SSCC readies COVID-safe classrooms, so great education can continue safely

Southern State Community College
Published 6:02 a.m. ET Oct. 12, 2020

“We don’t want students to give up on their dreams”, SSCC Coordinator says.

Volunteers demonstrate social distancing at Southern State Community College in Hillsboro. (Photo: Courtesy of Elizabeth Burkard)

Amid the drastic changes COVID-19 has brought to daily life, many prospective college students in the area have been left uncertain about classes this fall — but Southern State Community College officials say the pandemic won’t force students to give up their dreams. 

As community college classes resume in Hillsboro, Mt. Orab and Washington Court House in a matter of days, SSCC President Dr. Kevin Boys said the college’s goal is to meet or exceed best health practices while continuing to provide accessible, affordable and high-quality education to area residents. 

“We’ve now survived a most unusual spring semester and the ‘Summer of COVID-19,’” Boys said in a letter to students. “Now it’s time for us to responsibly restart our face-to-face classes, but we must do so in the safest way possible.”

While some classes will be face-to-face, the college is also offering a variety of online and hybrid learning courses. Where virtual learning is not possible, face-to-face courses will take place in classrooms reconfigured to accommodate social distancing practices with masks required at all times.

The college has also hired a COVID-19 coordinator to implement the college’s health plan.

Susan Morris, an adjunct faculty member in the college’s nursing department, took the coordinator role Aug. 1. She said her position is evolving as the college’s health protocols expand in alignment with Ohio’s Responsible Restart program for higher learning institutions.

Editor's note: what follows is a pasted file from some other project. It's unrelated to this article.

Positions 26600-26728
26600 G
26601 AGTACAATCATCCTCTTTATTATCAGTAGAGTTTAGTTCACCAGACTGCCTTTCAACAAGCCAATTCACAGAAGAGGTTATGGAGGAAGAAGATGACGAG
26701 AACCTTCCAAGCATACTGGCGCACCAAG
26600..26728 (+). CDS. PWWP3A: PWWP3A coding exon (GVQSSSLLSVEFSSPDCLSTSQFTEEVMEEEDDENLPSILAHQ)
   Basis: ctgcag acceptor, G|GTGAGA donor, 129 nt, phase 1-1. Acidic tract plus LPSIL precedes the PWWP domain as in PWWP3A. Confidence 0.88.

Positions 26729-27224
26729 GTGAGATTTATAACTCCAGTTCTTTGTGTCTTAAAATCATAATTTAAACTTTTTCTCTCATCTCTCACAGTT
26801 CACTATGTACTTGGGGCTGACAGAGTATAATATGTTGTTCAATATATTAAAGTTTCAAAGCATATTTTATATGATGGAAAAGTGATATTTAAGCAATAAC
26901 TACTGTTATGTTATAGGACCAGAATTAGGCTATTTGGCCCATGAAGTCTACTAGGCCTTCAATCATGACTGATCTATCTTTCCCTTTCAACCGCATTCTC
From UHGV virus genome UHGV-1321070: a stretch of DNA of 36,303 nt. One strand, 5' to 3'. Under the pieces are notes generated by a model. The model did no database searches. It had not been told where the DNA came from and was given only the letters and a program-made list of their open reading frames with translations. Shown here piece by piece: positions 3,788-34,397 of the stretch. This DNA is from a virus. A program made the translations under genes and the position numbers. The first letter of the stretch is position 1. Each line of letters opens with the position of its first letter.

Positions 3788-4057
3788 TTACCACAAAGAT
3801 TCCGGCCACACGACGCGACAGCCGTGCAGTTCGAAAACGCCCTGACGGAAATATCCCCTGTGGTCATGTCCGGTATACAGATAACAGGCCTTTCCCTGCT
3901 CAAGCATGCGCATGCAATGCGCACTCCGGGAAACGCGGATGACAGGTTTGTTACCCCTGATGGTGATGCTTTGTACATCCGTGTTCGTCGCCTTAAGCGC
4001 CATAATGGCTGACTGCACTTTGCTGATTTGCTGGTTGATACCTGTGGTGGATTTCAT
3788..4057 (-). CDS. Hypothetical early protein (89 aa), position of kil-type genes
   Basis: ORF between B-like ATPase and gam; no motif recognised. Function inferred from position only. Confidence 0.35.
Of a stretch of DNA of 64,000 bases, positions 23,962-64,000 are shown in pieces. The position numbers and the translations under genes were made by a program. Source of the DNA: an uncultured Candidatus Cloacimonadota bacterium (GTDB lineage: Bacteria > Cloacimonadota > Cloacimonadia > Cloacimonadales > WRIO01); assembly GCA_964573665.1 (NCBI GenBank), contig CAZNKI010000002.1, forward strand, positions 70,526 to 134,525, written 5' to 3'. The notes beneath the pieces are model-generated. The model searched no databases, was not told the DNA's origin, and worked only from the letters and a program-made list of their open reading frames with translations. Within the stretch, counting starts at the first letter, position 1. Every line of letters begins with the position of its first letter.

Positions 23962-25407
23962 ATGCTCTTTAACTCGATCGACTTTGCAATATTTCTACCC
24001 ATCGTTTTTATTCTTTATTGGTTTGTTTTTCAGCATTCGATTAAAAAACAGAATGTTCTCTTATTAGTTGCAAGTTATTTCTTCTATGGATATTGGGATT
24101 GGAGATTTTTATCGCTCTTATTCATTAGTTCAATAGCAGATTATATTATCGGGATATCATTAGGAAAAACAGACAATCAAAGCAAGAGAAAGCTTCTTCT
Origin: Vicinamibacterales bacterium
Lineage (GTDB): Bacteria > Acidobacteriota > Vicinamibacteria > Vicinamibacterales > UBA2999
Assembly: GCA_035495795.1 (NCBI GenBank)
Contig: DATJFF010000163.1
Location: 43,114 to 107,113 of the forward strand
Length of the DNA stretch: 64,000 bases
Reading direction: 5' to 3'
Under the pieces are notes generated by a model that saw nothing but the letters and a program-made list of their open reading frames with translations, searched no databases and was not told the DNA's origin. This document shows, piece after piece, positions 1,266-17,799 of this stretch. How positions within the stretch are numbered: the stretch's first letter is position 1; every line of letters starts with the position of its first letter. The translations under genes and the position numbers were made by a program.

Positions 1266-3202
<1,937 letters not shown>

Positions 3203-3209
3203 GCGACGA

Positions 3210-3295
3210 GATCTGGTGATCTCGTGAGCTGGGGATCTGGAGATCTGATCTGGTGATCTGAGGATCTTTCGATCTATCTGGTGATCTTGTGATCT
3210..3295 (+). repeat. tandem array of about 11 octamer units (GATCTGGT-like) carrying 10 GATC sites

“I am here to coordinate any activities related to the college’s COVID-19 response,” Morris said, “and I’m working with the president’s council to create and implement procedures creating a healthy environment for students.”

Morris said the heart of the college’s health plan is allowing students to continue pursuing their goals in higher education despite the disruption. 

“We don’t want them to give up on their dreams because of this pandemic,” she said. 

Morris said Southern State is selecting “health ambassadors” to help students navigate the college’s precautions, such as masks, social distancing and sanitization. 

Boys noted that the health ambassadors are not “mask police,” but students “who care for one another,” and assist others with understanding and adhering to the college’s safety protocols.

“If we each do our part, then our risk of personal illness is reduced, as is the possibility of any one of us spreading the virus to others who may be at higher risk for grave illness or even death,” he said.

Morris added that the college wants to create an environment of cooperation with students and staff. 

“I just want students to know that we care not just about the physical effects of the pandemic, but also the emotional and mental things that go along with it,” she said. “Some people are going to be anxious about the mask mandate and other things, so we’re here to help them in those areas.”

For more information on the college’s precautions and other news, go to, email [email protected] or call the college directly at 937-393-3431. 

“We’re staying focused on what’s important,” Morris said. “We want to create a safe environment to enhance the students’ learning experience at Southern State.” 

Members of the editorial and news staff of the USA TODAY Network were not involved in the creation of this content.

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